Anniversary of a Tragedy
Just as Leigh Montville had to write One Year Later...(Jan. 25) in broken segments, I could read only a few paragraphs of his story at a time. I remember the details of the Notre Dame swim team's bus accident, which I had heard and read about in the news last year. As an athlete in college, I, too, have boarded a bus several times and have driven vans filled with teammates down icy highways. My thoughts and prayers are with these women for their full physical and emotional recovery.
PETER J. GASPARINI
As a member of the Notre Dame women's swim team from 1982 to '86, I found that the tragedy of a year ago struck close to home. How many routine bus trips on snow-covered roads did my team endure? I cried while I read and reread Montville's article. Although I can't forget about the accident or stop speculating about what might have been, I know that the Notre Dame spirit is a powerful healing force. Best wishes to coach Tim Welsh and the team for their continued progress.
Many of us at Lehigh University read the story with heartfelt emotion. In the article, the U.S. swimming community was described as a "close group" and the Notre Dame women's swimming family as "terrific people." Both characterizations are too modest. This fall a member of our team died of a heart attack after practice. As the team began the process of trying to cope with the loss, we, too, were greatly comforted by the support of the U.S. swimming community. One of the first people we heard from was Notre Dame coach Tim Welsh. Such thoughtful advice and kind words could have come only from someone who had experienced a similar loss.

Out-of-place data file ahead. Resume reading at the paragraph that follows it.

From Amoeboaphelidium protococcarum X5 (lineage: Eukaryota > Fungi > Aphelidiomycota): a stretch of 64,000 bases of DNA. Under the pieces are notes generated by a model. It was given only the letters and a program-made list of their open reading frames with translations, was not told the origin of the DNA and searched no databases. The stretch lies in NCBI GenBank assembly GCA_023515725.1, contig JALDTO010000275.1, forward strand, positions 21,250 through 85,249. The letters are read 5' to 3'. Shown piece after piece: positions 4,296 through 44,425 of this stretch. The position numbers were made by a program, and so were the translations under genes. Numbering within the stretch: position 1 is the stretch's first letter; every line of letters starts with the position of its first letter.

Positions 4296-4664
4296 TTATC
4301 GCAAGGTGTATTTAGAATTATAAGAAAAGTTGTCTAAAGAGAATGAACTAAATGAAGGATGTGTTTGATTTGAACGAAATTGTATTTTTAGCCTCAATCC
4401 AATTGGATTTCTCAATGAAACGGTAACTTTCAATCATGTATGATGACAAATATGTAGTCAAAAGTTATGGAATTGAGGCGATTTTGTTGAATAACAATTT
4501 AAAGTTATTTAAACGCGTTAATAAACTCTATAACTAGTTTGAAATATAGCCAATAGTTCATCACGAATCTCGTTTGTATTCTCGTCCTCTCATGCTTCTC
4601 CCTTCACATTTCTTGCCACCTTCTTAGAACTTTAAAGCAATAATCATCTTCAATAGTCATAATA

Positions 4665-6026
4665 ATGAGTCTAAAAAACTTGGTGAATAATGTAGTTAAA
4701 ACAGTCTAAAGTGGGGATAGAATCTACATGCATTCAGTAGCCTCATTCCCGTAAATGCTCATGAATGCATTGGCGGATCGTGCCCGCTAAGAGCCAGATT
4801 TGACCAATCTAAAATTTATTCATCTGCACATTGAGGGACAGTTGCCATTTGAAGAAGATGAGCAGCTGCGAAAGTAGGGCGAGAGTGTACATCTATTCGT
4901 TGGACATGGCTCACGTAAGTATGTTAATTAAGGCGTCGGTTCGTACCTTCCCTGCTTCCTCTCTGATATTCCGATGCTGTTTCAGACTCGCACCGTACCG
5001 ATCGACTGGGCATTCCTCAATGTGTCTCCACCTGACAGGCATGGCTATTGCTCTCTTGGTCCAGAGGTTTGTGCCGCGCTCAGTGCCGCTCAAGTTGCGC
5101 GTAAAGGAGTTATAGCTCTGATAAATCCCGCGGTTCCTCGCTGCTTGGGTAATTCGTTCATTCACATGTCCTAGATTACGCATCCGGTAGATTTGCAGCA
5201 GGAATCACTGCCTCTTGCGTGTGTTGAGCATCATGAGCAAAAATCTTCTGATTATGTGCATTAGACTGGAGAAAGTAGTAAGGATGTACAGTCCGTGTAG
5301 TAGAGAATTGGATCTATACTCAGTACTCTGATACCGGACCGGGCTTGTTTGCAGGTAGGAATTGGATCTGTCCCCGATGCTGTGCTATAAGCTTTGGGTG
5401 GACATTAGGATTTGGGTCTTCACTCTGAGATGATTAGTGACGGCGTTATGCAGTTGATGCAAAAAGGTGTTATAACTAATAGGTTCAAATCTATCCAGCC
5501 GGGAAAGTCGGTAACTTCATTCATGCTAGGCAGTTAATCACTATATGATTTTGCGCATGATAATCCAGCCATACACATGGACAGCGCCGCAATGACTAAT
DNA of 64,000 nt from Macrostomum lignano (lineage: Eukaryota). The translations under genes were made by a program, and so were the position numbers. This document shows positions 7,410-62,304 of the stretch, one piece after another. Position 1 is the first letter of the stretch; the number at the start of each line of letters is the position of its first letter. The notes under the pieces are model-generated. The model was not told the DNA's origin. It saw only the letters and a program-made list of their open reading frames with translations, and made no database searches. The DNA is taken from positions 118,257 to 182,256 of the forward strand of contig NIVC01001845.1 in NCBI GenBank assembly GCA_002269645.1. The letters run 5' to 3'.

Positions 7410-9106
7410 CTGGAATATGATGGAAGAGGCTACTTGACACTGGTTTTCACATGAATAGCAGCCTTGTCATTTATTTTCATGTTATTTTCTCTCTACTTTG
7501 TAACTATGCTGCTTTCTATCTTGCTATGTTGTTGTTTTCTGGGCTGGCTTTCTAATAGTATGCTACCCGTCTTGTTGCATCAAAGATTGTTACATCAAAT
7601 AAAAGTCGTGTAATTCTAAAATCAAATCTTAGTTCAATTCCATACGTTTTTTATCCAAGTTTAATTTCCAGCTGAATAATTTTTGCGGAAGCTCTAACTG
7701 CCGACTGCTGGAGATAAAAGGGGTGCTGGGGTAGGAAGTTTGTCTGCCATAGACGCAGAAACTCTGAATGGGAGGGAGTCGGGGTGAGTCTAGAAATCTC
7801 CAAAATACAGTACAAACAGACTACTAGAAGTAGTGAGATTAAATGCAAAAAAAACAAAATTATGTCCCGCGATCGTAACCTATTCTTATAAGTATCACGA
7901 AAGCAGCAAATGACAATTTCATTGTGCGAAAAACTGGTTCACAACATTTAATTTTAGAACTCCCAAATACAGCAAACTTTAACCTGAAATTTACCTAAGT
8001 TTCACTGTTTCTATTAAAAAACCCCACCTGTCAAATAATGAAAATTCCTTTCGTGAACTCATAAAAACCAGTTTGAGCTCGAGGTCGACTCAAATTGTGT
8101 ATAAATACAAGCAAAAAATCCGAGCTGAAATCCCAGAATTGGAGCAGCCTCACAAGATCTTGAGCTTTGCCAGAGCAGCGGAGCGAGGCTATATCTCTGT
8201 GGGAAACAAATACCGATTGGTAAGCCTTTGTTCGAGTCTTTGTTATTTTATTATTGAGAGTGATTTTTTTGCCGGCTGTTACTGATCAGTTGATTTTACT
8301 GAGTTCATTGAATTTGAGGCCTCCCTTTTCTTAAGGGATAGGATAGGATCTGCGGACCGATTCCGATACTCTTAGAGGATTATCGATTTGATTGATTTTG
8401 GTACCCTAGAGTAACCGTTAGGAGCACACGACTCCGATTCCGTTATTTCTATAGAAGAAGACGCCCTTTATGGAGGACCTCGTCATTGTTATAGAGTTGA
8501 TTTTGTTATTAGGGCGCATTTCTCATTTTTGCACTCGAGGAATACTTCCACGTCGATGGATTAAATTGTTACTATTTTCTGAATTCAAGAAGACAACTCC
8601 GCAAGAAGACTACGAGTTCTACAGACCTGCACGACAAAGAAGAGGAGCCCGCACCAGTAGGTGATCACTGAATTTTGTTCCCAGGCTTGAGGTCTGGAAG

When returning to the pool became difficult for our swimmers, we received a wall-sized card from the Notre Dame team. It was filled with expressions of love, support and understanding.
March 1, 1993
The U.S. swimming community and the Notre Dame coach and team are the best of what college athletics has to offer. We can't thank or praise them enough.
Montville's article makes one forget about all the garbage that is written about Notre Dame because of its football success and TV contracts. This is the true spirit of Notre Dame.
Rick Telander's article Too Much to Bear (Jan. 18) nicely summarized Mike Ditka's coaching accomplishments, his failings and the tumultuous week of his firing. Left unanswered, however, is the question for Chicago fans of whether winning will be nearly as fun or losing at all tolerable without Ditka.
I think not.
TIMOTHY J. STORY
Thanks to Norman Chad for his TELEVISION column (Jan. 18) about Mike Ditka. As a Chicago sports fan, I'm tired of seeing Ditka's mug on every TV commercial and highway billboard in the metropolitan area. Maybe if he had spent more time developing game plans and less time on commercials and self-promotion, he would have gone 11-5 last season instead of 5-11. He got what he deserved.
DAVID G. JONES
Crystal Lake, Ill.
It's a shame that the media continue to attack Mike Ditka. Chad must never have seen Ditka's postgame interviews or the Mike Ditka Show here in Chicago. Ditka's humor and outspokenness have won over the whole town. He will not become a "low-wattage broadcaster," as Chad prematurely predicts. Ditka's outgoing personality will fit perfectly in the announcers' booth.
In last week's issue we credited the wrong photographer for the six swimsuit pictures taken on Martha's Vineyard (pages 84-91). The credit should have gone to Paul Lange (left).—ED.
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